Journal Article

Early Postnatal Benzo(a)pyrene Exposure in Sprague-Dawley Rats Causes Persistent Neurobehavioral Impairments that Emerge Postnatally and Continue into Adolescence and Adulthood

Chengzhi Chen, Yan Tang, Xuejun Jiang, Youbin Qi, Shuqun Cheng, Chongying Qiu, Bin Peng and Baijie Tu

in Toxicological Sciences

Volume 125, issue 1, pages 248-261
Published in print January 2012 | ISSN: 1096-6080
Published online October 2011 | e-ISSN: 1096-0929 | DOI: http://dx.doi.org/10.1093/toxsci/kfr265
Early Postnatal Benzo(a)pyrene Exposure in Sprague-Dawley Rats Causes Persistent Neurobehavioral Impairments that Emerge Postnatally and Continue into Adolescence and Adulthood

More Like This

Show all results sharing these subjects:

  • Medical Toxicology
  • Toxicology (Non-medical)

GO

Show Summary Details

Preview

Previous studies have demonstrated that benzo(a)pyrene (BaP) may disrupt the development of key biological systems, thus leaving children more vulnerable to functional impairments in adulthood. The current study was conducted to determine whether neurotoxic effects of postnatal BaP exposure on behavioral performance persist in juvenile and young adult stages. Therefore, neonate Sprague-Dawley pups were given oral doses of BaP (0.02, 0.2, and 2 mg/kg/day) continuing through a period of rapid brain development (on postnatal days [PNDs] 5–11). Further, developmental milestones and behavioral endpoints assessing sensory and motor maturation were examined. Also, in this study, Morris water maze and elevated plus maze were used for evaluating the cognitive function and anxiety-like behavior. Our results showed that there was altered ontogeny in a few measures of neuromotor development; however, other developmental milestones and sensory responses were not altered significantly. Moreover, the locomotor activity deficit in BaP-treated pups was evident at PND 36 and was most pronounced in the PND 69. Also, exposure to BaP during early postnatal development had an adverse effect on adult rats (PND 70) in the elevated plus maze, and the swim maze suggests that low doses of BaP impair spatial learning functions at adult test period. In contrast, BaP exposure had no evident effect on behaviors in these two mazes for adolescent animals. These data clearly indicate that behavioral impairments resulting from postnatal BaP exposure are potentially long-lasting and may not be apparent in juveniles, but are present in young adulthood.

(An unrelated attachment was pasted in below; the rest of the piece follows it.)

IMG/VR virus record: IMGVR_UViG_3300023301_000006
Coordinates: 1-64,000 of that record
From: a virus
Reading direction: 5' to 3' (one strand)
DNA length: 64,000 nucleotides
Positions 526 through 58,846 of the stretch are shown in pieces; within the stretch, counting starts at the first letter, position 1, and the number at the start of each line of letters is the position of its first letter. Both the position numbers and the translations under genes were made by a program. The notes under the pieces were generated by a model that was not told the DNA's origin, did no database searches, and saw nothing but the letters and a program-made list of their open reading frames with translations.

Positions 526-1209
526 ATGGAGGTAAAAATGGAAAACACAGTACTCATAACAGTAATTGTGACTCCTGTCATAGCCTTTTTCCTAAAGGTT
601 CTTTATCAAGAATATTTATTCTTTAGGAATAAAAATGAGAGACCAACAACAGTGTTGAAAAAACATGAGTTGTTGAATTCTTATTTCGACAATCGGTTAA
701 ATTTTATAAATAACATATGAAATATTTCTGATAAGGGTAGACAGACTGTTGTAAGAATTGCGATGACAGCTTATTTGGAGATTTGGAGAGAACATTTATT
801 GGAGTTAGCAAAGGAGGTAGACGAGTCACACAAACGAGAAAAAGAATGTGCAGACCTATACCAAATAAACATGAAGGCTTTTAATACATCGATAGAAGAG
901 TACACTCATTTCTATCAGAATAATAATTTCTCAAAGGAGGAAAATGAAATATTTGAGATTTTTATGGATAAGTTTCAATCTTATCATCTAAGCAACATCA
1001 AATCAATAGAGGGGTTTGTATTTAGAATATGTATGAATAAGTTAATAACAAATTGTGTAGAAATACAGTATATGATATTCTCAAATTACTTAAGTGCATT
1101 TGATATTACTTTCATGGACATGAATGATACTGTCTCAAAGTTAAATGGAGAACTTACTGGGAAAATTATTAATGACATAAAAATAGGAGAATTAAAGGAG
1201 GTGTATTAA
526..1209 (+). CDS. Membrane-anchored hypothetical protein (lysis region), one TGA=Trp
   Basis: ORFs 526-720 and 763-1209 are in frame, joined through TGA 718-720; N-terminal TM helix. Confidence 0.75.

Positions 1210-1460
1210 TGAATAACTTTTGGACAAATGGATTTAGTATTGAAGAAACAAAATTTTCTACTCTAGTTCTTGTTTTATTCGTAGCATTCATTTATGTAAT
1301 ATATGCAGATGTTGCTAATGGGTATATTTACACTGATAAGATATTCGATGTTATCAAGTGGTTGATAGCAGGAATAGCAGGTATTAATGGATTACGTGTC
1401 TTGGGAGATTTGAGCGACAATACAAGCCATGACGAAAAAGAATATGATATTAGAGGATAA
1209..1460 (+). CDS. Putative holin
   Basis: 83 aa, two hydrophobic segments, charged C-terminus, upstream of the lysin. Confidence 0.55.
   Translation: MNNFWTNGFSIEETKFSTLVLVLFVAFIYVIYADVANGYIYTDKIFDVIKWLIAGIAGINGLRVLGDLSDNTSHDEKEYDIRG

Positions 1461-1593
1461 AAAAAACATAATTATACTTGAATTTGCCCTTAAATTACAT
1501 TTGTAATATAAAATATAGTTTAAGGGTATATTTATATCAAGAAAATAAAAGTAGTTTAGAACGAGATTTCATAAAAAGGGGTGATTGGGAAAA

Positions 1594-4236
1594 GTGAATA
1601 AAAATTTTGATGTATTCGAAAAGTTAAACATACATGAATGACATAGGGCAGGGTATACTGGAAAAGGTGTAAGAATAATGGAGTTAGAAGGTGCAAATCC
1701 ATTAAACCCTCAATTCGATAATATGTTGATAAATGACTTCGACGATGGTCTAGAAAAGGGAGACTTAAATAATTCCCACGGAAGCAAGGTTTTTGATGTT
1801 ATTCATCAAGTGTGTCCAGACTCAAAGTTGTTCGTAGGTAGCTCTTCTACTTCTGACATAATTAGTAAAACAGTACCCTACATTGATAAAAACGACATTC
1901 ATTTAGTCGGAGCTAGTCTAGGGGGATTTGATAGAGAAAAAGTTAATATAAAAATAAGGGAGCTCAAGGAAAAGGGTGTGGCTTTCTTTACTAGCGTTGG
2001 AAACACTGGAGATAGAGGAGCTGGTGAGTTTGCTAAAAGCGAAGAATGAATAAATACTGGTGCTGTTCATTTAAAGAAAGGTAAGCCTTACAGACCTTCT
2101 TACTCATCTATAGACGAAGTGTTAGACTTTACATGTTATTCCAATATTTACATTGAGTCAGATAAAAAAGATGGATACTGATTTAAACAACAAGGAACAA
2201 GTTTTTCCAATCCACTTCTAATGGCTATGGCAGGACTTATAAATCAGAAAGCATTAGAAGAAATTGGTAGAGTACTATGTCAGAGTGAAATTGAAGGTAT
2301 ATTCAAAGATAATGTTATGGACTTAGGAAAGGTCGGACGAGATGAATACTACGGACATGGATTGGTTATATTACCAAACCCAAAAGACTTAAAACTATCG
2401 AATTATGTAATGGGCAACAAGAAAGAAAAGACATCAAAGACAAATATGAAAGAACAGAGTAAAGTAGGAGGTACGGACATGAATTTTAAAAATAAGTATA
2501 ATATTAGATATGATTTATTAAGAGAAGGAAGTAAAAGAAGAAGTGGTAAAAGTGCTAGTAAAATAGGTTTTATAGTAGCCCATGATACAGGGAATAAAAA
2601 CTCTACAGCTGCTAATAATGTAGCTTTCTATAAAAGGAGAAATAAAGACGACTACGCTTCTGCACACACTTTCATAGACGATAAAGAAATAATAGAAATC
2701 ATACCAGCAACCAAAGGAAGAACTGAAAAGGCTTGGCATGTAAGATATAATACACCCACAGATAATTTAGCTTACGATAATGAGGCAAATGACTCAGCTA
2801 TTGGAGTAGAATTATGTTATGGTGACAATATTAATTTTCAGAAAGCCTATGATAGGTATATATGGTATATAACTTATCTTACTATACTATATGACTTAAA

Keywords: benzo(a)pyrene; neurodevelopment; neurotoxicity; postnatal exposure; behavioral alterations; aging; rats

Journal Article.  9521 words.  Illustrated.

Subjects: Medical Toxicology ; Toxicology (Non-medical)

Full text: subscription required

How to subscribe Recommend to my Librarian

Users without a subscription are not able to see the full content. Please, subscribe or login to access all content.